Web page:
Biofuel made from Algae is ready to start replacing oil

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algae biofuel

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Although many are questioning the sustainability of plant-based biofuels such as ethanol, there seems to be almost unanimous support behind algae-based biofuel. To further that support, a new study by the Department of Energy Pacific Northwest National Laboratory shows that algae biofuel could replace 17% of oil imported into the U.S.

 

Reducing our reliance on foreign oil

Since we now know it’s possible to grow our own fuel at home, why is it we haven’t yet. The answer is simply that it will require an enormous amount of land, and water. To produce the amount of algae-based biofuel required to replaced 17% of U.S. foreign oil imports (21 billion gallons), we would require the use of land roughly the size of South Carolina. Further to that, each gallon of oil will require 350 gallons of water to produce. In total, the amount of water required to produce that amount of algae biofuel is one quarter of what Americans currently use for irrigated agriculture.

 

But is it worth it?

When you take into consideration how much land and water are required to produce algae biofuel, it is still better than most plant-based biofuels but not by much. The enormous change which would be required in the U.S. agricultural industry makes this feat seem almost unachievable. So, although the numbers behind producing algae biofuel seem to make the idea feasible, is it really worth it if we need to give up agricultural production?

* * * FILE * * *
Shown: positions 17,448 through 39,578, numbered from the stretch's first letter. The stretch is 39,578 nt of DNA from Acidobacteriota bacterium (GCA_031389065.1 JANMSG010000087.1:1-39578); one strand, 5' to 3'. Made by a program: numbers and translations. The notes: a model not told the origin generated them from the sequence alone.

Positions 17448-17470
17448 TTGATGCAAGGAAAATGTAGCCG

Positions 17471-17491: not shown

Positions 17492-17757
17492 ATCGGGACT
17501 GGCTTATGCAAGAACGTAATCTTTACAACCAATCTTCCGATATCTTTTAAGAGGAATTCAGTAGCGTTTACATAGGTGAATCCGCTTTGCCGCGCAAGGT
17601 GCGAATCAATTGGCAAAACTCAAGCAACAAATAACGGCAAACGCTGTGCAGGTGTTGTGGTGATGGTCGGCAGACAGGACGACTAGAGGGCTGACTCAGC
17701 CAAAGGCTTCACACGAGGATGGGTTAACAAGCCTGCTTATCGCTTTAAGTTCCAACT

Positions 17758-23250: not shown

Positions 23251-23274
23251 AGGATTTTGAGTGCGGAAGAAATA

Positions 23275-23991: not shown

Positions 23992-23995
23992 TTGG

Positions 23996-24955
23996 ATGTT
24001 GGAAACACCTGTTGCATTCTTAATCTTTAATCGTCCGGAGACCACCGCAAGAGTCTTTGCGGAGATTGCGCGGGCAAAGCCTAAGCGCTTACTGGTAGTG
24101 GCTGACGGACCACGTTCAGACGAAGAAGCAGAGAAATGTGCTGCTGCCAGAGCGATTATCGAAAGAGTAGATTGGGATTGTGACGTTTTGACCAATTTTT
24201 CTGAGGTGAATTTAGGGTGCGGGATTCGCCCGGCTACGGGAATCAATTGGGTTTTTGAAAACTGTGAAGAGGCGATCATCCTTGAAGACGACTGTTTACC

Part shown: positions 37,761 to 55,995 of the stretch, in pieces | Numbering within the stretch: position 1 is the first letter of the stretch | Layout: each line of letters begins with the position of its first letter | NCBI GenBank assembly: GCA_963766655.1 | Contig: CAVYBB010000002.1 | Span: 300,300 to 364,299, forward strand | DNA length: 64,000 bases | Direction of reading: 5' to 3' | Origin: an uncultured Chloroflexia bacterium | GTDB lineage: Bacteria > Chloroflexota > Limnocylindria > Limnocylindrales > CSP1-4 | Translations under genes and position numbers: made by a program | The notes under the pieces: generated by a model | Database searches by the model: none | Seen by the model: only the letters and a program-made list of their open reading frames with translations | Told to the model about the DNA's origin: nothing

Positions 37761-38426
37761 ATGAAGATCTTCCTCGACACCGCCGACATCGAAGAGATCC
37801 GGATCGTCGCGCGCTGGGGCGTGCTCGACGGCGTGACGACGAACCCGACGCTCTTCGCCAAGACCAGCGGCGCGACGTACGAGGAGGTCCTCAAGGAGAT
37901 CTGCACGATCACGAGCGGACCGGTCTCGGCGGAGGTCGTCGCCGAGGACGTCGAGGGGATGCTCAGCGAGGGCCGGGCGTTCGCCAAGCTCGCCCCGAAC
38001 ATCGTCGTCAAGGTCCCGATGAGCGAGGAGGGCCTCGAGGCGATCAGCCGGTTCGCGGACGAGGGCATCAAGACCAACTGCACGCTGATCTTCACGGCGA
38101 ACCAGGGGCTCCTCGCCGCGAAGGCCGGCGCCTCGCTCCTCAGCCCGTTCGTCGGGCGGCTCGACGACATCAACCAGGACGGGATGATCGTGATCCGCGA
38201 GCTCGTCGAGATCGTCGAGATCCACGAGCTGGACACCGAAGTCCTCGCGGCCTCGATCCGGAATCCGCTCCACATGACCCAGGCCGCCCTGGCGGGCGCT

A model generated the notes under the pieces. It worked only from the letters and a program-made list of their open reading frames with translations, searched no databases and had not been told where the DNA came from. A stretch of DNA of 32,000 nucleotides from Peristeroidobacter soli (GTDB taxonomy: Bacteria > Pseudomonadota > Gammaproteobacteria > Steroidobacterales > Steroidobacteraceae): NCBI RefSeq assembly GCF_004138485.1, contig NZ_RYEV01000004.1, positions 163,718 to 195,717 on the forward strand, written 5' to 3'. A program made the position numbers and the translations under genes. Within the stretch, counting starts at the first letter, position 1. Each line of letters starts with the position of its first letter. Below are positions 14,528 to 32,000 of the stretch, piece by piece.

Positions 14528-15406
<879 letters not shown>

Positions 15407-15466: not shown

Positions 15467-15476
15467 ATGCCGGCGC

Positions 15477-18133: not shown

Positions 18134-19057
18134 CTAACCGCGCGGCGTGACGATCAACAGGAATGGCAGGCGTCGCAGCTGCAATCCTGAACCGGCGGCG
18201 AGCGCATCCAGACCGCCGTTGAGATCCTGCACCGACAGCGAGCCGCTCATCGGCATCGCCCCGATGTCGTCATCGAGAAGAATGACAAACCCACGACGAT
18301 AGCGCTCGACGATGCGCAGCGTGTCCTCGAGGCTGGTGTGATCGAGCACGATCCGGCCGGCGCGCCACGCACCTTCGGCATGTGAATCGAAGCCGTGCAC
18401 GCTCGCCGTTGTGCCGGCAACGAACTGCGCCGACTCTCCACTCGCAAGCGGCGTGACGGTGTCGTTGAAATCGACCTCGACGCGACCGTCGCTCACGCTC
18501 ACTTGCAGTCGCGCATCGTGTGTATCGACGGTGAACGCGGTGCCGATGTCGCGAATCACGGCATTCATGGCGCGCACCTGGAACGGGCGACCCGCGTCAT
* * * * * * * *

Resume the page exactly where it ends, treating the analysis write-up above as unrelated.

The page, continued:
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  • Ian Andrew

    As the Co-founder and Editor-in-Chief of Greener Ideal, Ian has been a driving force in environmental journalism and sustainable lifestyle advocacy since 2008. With over a decade of dedicated involvement in environmental matters, Ian has established himself as a respected expert in the field. Under his leadership, Greener Ideal has consistently delivered independent news and insightful content that empowers readers to engage with and understand pressing environmental issues.

    Ian’s expertise extends beyond editorial leadership; his hands-on experience in exploring and implementing sustainable practices equips him with practical knowledge that resonates with both industry professionals and eco-conscious audiences. This blend of direct involvement and editorial oversight has positioned Ian as a credible and authoritative voice in environmental journalism and sustainable living.

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